Authored by: Dominic McIver Lopes

The Routledge Companion to Aesthetics

Print publication date:  April  2013
Online publication date:  April  2013

Print ISBN: 9780415782869
eBook ISBN: 9780203813034
Adobe ISBN: 9781136697142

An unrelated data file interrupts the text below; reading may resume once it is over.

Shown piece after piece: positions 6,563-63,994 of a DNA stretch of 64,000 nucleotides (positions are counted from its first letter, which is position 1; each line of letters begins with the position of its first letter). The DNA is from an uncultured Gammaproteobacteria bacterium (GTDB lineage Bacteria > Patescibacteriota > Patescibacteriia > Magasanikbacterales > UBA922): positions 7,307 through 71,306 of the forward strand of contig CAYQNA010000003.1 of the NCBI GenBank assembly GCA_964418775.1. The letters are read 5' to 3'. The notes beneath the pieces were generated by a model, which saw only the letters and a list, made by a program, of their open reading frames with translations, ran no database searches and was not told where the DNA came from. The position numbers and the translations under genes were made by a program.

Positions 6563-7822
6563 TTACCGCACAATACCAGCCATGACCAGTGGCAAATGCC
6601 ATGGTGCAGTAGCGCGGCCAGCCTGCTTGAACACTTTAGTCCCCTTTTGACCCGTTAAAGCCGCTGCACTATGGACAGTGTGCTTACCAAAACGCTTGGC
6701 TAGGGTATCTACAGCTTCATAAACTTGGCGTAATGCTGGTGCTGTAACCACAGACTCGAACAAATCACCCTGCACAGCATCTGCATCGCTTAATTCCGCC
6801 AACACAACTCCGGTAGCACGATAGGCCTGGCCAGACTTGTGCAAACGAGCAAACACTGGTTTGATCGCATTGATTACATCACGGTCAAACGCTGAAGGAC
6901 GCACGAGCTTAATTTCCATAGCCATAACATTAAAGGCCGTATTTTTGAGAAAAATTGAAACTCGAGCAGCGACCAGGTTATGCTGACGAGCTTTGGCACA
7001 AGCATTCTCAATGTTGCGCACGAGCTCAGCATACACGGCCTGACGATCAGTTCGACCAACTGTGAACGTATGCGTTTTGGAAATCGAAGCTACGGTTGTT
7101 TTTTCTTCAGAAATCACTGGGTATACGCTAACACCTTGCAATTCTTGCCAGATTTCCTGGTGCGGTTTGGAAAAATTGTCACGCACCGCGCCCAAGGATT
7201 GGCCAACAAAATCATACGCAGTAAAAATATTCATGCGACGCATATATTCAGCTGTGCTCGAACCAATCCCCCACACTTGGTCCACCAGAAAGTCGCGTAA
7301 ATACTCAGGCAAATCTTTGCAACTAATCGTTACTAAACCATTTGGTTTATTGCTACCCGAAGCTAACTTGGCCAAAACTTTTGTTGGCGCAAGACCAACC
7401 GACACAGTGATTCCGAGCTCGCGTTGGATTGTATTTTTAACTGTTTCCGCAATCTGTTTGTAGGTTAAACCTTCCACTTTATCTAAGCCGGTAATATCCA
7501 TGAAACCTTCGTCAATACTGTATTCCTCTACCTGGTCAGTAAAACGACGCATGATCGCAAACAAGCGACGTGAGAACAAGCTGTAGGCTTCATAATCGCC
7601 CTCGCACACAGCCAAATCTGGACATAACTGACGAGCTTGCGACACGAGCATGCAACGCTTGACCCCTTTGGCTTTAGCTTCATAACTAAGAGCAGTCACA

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Suppose that, due to an episode of virulent iconoclasm, every painting, print and drawing were destroyed. Will we have lost something whose value nothing can replace? The answer is hardly obvious. We value paintings because they describe scenes, delight the senses, express emotions and communicate ideas, but we may value a work of film, dance, music or poetry for all the same reasons. Indeed, a film may describe a scene better than any painting, an aria express emotions more powerfully, a dance delight the senses more exquisitely, or a poem convey ideas more clearly. This suggests that if painting is to have a value, or values, of its own, then it must do at least some of these things in a distinctive manner. So, what is painting's distinctive character? An answer to this question is necessary if we also want to know what particular value or values accrue to paintings.

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